Disney will be trying hard this summer to get Pirates of the Caribbean: At World's End into Chinese cinemas despite the fact that the last installment of the franchise was banned by the country's censors. Obviously the studio is aware that many of China's movie fans at least got to see Dead Man's Chest via bootleg, and it understandably wants to profit from those fans' desire to see part three. But this isn't just about exploiting the expectant audiences, and it isn't exactly about fighting piracy. All of Hollywood wants to succeed in the Chinese market because it is a growing source of income for the studios.

What this means for the rest of the world may be nothing. Hollywood studios and distribs will likely start censoring for easy approval by China the same way they censor for the rest of the international markets. As I mentioned recently when The Departed failed with Chinese censors, the best way for a film to meet approval is for it to have no mention of China. However, the Chinese aren't only concerned with references to themselves; Dead Man's Chest was banned because it featured cannibals.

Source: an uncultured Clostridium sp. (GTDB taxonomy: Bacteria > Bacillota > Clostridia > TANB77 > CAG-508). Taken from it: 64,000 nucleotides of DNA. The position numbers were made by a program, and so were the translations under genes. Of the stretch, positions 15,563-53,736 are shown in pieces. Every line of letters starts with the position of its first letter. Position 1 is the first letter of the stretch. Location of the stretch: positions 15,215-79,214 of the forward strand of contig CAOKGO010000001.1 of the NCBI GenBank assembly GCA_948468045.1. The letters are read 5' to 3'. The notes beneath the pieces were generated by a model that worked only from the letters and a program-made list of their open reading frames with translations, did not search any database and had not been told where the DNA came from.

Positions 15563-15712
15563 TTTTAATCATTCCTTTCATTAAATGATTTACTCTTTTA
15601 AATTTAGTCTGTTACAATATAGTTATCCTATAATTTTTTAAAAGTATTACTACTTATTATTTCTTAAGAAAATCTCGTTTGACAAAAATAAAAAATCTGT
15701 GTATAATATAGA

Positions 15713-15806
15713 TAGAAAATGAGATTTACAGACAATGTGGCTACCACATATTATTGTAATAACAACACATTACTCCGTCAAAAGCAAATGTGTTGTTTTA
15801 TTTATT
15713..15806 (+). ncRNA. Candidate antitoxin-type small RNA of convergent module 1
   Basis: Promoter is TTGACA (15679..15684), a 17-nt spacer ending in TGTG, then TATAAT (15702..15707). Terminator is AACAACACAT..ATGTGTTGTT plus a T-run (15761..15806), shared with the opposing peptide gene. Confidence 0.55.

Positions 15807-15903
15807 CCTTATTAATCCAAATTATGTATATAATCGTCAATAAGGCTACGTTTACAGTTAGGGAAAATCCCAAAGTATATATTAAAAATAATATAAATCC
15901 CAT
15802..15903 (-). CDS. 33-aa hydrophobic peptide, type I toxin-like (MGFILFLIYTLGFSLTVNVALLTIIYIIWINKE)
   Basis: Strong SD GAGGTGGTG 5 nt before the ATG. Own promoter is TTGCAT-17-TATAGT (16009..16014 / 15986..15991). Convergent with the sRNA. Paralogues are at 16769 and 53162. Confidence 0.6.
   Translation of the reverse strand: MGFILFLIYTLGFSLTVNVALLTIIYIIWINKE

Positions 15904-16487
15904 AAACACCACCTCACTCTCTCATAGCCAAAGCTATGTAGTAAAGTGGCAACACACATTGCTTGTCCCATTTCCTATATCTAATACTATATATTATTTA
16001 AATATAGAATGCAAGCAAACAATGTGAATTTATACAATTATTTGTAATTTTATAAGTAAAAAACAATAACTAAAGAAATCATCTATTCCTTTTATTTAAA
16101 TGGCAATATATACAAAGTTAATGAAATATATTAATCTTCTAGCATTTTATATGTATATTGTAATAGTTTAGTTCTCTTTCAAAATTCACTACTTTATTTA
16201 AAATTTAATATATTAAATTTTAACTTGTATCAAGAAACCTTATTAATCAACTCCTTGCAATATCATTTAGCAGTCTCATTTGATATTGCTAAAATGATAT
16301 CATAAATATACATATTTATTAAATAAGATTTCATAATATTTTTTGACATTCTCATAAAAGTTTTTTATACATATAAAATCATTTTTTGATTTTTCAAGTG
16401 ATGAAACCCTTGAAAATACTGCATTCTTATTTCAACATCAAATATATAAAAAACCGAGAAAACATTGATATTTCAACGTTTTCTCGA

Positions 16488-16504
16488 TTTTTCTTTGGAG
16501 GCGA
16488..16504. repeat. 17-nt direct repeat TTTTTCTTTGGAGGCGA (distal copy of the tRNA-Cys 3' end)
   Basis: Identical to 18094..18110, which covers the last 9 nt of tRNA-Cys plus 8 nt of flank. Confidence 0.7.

The Chinese version of our holiday season is coming up soon, and the titles looking for big box office are Night at the Museum, which has been performing brilliantly all over the world, 16 Blocks and South Korea's Joong Cheon (The Restless). These will be taking up three of the 20 quota slots that China allows to be filled by imported titles, and the last of these fills one slot that Hollywood missed out on. Following this month's big movie-going time, Hollywood will continue trying to fill in the rest of these slots, and so Chinese audiences may or may not get proper releases of Harry Potter and the Order of the Phoenix, The Pursuit of Happyness, Transformers and At World's End.